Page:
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Royal Welsh Show 2019: 'Sheep inter-breed judging is my biggest job yet'

Aberdeenshire pedigree sheep breeder Robbie Wilson has enjoyed plenty of success in the show and sale ring over the years, and this month will take on the task of judging the sheep inter-breed at the Royal Welsh Show. Katrina Macarthur reports...

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Royal Welsh Show 2019: 'Sheep inter-breed judging is my biggest job yet'

As a well-known face across the UK and Ireland for producing some of the lead prices at premier sales, Robbie Wilson’s experience with pedigree sheep goes back a long way.

 

And he says is fortunate that he has been able to work with some of the best bloodlines in the Suffolk and Texel breeds.

 

Initially, Mr Wilson worked from 1981 to 1991 for the Mair family’s Muiresk Suffolk flock at Kinnermit, Turriff, before taking on the tenancy at the nearby North Dorlaithers.

 

He went on to establish his own Strathisla Suffolk flock with foundation females from Muiresk and Glenisla, and enjoyed numerous show wins, including five championships at the Royal Highland

Show.

 

The flock secured many leading prices and averages at sales across the country, with a top price of 48,000gns achieved at Edinburgh in 2007 for the tup lamb Strathisla Dylan Thomas. Many other tup lambs have sold above the 10,000gns bracket, including two at 25,000gns, while Strathisla females peaked at 12,000gns twice.

 

Bloodlines

 

Alongside the running of his Suffolk flock, Mr Wilson worked for the late Margaret Lyon, who established the Milnbank Texel flock with her husband Alan.

 

Due to ill health, Mr Wilson purchased the 30-ewe flock from Mrs Lyon in August 2010, which included top bloodlines and the best of sires in the Texel breed.

 

Mr Wilson says: “When I took on the Milnbank flock, I was buying the very best of genetics in the Texel breed at that time.

 

“The flock included top quality females which were often bought at big money, and Mrs Lyon usually had a third share in leading stock tups.”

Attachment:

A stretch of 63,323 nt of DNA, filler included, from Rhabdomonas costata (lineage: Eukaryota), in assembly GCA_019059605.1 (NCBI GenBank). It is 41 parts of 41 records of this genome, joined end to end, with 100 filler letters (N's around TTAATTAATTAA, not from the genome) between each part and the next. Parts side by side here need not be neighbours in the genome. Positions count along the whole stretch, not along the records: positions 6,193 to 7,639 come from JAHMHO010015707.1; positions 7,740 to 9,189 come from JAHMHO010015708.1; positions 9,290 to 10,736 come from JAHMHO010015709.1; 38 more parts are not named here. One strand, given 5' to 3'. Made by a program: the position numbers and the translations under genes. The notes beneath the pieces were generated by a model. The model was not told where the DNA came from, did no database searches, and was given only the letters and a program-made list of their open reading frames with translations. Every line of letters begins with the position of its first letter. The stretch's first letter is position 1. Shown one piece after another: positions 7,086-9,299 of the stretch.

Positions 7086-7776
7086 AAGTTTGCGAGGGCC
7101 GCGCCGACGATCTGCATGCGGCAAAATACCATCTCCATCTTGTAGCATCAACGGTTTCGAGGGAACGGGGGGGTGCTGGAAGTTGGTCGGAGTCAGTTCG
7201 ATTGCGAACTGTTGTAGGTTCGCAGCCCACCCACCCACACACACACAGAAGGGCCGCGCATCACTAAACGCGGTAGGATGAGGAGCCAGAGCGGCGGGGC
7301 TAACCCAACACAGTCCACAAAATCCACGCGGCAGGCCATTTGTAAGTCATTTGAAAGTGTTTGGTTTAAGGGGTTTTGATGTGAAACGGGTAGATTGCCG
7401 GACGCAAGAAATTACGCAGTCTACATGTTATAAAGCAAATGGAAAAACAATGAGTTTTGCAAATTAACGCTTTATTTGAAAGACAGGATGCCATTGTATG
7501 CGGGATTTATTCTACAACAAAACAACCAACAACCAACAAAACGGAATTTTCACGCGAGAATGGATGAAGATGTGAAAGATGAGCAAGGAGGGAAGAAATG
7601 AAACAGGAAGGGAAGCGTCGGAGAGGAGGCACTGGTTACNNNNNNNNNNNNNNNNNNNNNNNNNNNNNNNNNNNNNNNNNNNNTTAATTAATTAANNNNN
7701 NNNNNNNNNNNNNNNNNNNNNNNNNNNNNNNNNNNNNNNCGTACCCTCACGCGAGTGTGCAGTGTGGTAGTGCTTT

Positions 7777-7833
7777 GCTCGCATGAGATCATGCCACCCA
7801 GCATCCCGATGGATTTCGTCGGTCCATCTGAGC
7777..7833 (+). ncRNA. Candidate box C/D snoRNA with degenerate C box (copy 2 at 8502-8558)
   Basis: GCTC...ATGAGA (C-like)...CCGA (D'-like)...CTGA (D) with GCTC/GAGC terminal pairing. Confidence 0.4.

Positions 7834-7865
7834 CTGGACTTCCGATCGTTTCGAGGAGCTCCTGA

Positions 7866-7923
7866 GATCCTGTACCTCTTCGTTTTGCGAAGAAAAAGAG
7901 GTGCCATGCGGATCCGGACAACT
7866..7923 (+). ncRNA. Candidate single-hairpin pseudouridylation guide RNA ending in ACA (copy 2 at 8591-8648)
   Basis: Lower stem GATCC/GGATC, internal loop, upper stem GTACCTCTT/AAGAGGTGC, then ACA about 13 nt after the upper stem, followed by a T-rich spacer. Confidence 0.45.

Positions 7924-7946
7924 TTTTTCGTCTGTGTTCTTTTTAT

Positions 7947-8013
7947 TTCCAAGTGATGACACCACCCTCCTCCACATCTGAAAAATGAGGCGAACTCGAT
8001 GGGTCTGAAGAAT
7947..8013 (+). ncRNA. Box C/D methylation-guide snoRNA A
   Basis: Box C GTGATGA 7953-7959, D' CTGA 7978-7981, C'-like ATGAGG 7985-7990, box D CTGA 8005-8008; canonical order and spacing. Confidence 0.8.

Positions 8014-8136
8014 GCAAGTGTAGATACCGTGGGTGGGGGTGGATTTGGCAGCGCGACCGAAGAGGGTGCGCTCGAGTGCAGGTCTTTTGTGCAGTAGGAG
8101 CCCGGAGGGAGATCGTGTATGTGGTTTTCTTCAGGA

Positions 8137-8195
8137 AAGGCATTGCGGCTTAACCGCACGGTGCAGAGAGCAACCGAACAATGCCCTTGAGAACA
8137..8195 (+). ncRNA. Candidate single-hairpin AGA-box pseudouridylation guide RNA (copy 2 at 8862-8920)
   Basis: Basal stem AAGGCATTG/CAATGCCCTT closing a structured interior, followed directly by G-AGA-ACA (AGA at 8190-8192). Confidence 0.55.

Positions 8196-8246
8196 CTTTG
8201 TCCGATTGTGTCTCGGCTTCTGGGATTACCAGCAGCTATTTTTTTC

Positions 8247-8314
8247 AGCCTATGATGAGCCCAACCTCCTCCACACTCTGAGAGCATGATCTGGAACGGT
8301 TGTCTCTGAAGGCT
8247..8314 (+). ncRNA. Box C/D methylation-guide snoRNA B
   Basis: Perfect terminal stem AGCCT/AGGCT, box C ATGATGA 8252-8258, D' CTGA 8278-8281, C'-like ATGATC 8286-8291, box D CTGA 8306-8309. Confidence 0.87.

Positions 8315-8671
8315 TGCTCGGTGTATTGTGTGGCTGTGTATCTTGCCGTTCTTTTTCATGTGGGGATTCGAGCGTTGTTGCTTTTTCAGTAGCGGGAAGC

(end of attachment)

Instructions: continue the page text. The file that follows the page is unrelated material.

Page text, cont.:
Mr Wilson continued to strengthen the Milnbank flock when he purchased the 45,000gns Glenside Razzle Dazzle with Jim Innes of the Strathbogie flock, Huntly.


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Razzle Dazzle certainly paid his way, as his first five sons averaged £10,300 at Lanark in 2011, with a top price of 25,000gns paid for Milnbank Special One.

 

In 2013, the flock achieved its best price to date of 40,000gns for a son of the 60,000gns Teiglum Tornado, Milnbank Ur The Boy.

 

In 2013, Mr Wilson decided to focus on the Texels and dispersed his Strathisla Suffolk flock at Borderway Mart, Carlisle, and attracted buyers from across the UK, Ireland and Europe.

 

“The Suffolks were a huge success for me, but it was hard to commit time to both breeds,” he says.

 

“I knew I could have a long-term future with the Texel breed. There will always be a demand for the white face in the sheep industry and the Texel has become the number one sire for commercial flocks across the country, producing vigorous lambs which are quick to suckle.

 

“The Texel is an easy managed breed and one of its qualities at pedigree level is that it does not require dressing before shows and sales. You cannot beat the wool quality on a Texel.”

 

At present, the Milnbank flock numbers 60 females and Mr Wilson, along with his daughter Rachel, who works full-time in the oil industry, continue to run an intensive ET programme.

 

They use home-bred recipients from the 400 commercial ewe flock of Mules, Suffolk crosses and Lleyn cross Suffolk Mules.